Two years after COVID just about killed the eatertainment sector, Robert Thompson is ready to jump in again with two feet.
Thompson is known as the founder of the once-thriving Punch Bowl Social concept, a lively eatertainment chain that in 2019 won a significant investment from Cracker Barrel Old Country Store Inc. Less than a year later, COVID closed dining rooms — forcing many eatertainment units to close permanently — and Cracker Barrel divested. Punch Bowl later filed for Chapter 11 bankruptcy protection.
Thompson resigned from Punch Bowl in 2020 to move onto other things, including a boutique hotel in New Orleans called The Frenchmen, which opened in February, and a beverage concept called Three Saints Revival in Denver, which opened in November.
But now, Thompson feels American consumers are ready to play again.
Next year he plans to launch a new, more-premium eatertainment concept in Raleigh, N.C., that will be called Jaguar Bolera.
Like Punch Bowl, Jaguar Bolera will offer a mix of fun alongside food and beverages in a setting that Thompson described as “deconstructed Southern grandma on her way to the social club.”
On the menu will be a marriage of Southern and Mexican cuisine built on wood-fired cooking techniques, Thompson said.
The entertainment side will include duckpins — “bolera” is Spanish for bowling alley — karaoke, and opportunities for what Thompson calls “maker-tainment,” where guests can needlepoint, take cooking classes, learn about fashion or interior design and do “other things that they can do with a drink in their hand.”
But there will be no “bar-cades,” or arcades with video games. “I’m moving on from that,” he said. The concept is fully experiential and designed to bring people together.
“We’ll be the antithesis of Grubhub,” said Thompson. “We’ll never have delivery. We want you to get off your butt and come hang out with us.”
Jaguar units will be designed to fill roughly 18,000- to 22,000-square feet, which is a bit smaller than the 20,000- to 24,000-square feet of Punch Bowl locations. That’s a margin-protecting move to lower initial costs, said Thompson.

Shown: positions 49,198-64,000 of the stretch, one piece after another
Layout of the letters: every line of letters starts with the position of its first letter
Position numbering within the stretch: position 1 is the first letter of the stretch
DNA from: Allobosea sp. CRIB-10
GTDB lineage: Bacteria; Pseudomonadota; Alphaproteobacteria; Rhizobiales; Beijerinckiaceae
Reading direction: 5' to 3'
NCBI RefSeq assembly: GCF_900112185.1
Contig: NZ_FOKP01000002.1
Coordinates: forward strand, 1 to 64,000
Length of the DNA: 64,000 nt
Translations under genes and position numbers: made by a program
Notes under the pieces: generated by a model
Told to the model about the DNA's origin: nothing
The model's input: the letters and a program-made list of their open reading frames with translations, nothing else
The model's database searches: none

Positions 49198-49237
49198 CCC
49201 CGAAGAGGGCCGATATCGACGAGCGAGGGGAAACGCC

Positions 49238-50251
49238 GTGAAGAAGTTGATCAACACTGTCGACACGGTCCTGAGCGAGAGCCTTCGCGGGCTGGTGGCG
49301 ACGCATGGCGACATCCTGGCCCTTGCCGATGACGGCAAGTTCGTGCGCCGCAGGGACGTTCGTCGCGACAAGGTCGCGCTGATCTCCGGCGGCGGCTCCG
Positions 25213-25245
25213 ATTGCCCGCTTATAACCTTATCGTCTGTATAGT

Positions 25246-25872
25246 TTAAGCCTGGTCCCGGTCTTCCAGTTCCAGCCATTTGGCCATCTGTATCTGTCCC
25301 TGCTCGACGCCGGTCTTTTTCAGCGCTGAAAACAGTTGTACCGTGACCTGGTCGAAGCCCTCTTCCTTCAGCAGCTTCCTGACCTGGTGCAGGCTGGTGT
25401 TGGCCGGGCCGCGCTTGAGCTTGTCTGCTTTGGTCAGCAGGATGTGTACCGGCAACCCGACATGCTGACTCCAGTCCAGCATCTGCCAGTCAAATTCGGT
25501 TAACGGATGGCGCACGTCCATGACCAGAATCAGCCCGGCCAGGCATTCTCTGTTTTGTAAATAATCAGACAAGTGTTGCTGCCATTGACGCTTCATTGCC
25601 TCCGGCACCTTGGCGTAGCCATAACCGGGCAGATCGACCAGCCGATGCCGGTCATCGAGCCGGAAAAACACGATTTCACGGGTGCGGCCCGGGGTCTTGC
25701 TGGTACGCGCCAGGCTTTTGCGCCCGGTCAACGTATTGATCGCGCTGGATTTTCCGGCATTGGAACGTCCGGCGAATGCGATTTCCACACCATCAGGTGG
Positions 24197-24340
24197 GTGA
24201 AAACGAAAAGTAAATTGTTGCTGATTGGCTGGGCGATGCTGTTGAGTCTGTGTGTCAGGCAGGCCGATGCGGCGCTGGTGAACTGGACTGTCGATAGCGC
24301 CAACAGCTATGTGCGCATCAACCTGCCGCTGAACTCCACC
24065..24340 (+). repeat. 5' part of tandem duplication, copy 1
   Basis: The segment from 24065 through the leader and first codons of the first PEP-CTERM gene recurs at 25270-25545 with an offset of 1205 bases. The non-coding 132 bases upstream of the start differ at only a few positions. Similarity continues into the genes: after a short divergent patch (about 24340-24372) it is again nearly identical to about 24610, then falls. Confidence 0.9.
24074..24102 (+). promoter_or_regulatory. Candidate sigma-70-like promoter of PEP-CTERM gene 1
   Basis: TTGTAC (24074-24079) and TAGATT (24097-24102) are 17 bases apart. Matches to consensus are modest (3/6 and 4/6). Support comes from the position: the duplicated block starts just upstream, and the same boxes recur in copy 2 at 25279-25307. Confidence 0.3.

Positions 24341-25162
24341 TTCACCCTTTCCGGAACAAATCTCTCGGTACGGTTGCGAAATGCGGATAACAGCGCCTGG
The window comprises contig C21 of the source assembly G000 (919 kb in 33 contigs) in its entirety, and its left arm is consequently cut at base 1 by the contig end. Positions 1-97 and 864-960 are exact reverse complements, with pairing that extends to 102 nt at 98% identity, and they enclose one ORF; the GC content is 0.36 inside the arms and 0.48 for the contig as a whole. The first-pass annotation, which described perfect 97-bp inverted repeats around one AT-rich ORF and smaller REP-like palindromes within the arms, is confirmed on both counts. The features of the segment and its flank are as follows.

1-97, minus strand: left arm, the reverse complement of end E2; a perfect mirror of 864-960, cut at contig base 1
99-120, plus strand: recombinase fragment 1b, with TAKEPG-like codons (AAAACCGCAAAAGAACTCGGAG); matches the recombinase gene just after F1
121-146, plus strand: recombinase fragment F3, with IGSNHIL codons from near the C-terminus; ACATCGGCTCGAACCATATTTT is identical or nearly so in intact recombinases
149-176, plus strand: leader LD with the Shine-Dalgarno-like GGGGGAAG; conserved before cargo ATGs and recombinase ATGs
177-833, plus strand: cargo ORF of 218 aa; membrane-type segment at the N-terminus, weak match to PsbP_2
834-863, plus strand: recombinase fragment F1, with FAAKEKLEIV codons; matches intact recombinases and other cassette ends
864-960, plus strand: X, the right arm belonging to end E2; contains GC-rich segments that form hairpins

Still, he expects Jaguar to make the roughly $7.2 million average unit volumes that Punch Bowl achieved in its heyday.
The Jaguar model is also designed to be counter service for both food and drink, which will lower labor costs, he said. Consumers today are happy to stand in line for higher-end fare served on real china with real cutlery — as they might in a food hall.
That will solve one pain point from pre-pandemic days: Eatertainment concepts can see high volumes at surge moments, with 500 to 600 people walking in the door inside an hour, he said. “It’s difficult to serve those guests in a full-service atmosphere.”
Thompson said a second Jaguar Bolera is already on deck for New Orleans, and scheduled to open in 2024. More may come — Thompson believes there will be a real estate opportunity when second-generation putting concepts go bust, for example.
But, he added, “We want to keep Jaguar extraordinarily special. I’d be surprised if we open more than 10.”
And there’s more.
Yet another eatertainment concept that Thompson describes as “high octane” is also in the works, but he’s not ready to announce details.
He has also acquired another hotel in New Orleans: The Whitney, a 93-room property that will be completely remodeled and rebranded. Scheduled to open next year, the hotel will have a polished-casual Southern tapas restaurant and a craft cocktail concept.
Thompson said he has spent time researching what Millennial and Gen Z consumers want, along with the “boring data science” behind it. He finds himself back in the eatertainment game in part because capital investors and landlords have asked him to develop new concepts — though he declined to disclose who is behind Jaguar Bolera.
“I’ve been in eatertainment for 25 years … and I’ve been fortunate to have a lot of success in this subcategory. I’d like to think we helped define the modern interpretation of eatertainment,” he said. “I thought I was out of the game, but the phone kept ringing from capital groups and landlords asking me to get back in.
“Maybe the universe is trying to send me a message that I’m not done,” he added.
Contact Lisa Jennings at [email protected]
Follow her on Twitter: @livetodineout